Thursday, September 12, 2013

The Intrinsic Sounds of a Master*

Original Facebook post here.
Today’s formative-album replay: The Other Chet Atkins. My parents’ record collection was a pretty random assortment of cast albums, moods of Mantovani, Arthur Murray learn-to-dance records, a bare smattering of classical essentials, Firestone Christmas anthologies--by and large an uninspiring lot, even viewed nostalgically. In that middling group, a modest oddity like this made a strong impression, even if it was an ironic title for a household that owned no other country or guitar-picking records; this lilting Spanish-guitar reverie was, to my young ears, the only Chet Atkins. And while I’ve since come to grasp his wider stature and to admire the sophisticated Nashville sound for which he’s justly known, I’m so glad to have first met the plucky Tennessean on this exotic turf, where his attention to detail, singing tone, and sneakily unshowy showmanship seems utterly at home.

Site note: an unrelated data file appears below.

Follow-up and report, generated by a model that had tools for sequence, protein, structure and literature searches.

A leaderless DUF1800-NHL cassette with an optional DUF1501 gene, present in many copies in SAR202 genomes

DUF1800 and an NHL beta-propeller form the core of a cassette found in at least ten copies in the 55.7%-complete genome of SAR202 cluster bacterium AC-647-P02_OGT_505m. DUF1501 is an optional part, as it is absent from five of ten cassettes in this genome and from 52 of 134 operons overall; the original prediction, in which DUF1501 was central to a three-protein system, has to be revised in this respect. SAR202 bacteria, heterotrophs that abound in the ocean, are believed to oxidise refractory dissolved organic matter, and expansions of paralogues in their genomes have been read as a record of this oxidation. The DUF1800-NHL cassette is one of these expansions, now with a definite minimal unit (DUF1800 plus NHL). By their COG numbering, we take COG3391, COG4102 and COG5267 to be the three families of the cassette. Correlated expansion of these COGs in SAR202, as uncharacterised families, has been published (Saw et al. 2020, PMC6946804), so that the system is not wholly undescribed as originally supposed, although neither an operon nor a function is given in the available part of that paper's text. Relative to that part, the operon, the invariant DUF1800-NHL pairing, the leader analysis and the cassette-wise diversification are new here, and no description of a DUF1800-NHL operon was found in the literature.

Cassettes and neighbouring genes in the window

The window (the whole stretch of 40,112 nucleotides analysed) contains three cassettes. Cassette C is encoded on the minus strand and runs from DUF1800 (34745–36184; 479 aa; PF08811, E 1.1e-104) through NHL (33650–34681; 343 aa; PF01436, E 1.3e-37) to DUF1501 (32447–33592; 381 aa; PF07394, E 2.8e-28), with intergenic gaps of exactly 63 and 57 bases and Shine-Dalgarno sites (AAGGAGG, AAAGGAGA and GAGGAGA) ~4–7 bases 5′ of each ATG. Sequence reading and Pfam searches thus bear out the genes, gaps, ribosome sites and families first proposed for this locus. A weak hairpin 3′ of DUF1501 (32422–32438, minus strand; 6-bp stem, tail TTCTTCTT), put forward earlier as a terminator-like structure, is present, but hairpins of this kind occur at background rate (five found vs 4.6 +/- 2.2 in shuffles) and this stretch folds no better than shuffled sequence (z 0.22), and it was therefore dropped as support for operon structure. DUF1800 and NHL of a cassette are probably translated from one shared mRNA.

Heard again all these years later, the record’s nylon-string warmth still charms, and on at least one occasion proves deeply moving (in the prayerlike simplicity of “The Streets of Laredo”). In assaying a swath of mostly Cuban-derived Latin tunes, with a few tourist diversions (and one Israeli folk tune), Atkins lets the songs’ shape and pace dictate the scale of his arrangements, with a dense gallop for the busy “Delicado” or “Sabrosa” and an ambling trot for “Maria Elena” or “Poinciana.” My favorite as a kid was his spare, strummy, sunny take on “Peanut Vendor,” but this time around, the solo-guitar pieces sounded like the album’s heart, not only “Laredo” but an aching “Marcheta,” a brooding “Siboney,” a hearty "El Relicario," a sweetly unadorned “Tzena, Tzena, Tzena.”

If there are traces of Django in the showier pieces’ chord-crawling virtousity, the solo tracks sound homier, even campfirey, and they give the entire effort a dust-blown authenticity. One of the record’s saving graces is that it never really sounds like anything other than a consummate country picker trying his hand at Latin music; but in these quiet, finger-traced moments, the distance between the Tennessee hills and the llanuras dwindles, dancingly, to nothing.

*This is a quote from Jim Reeves' liner notes.

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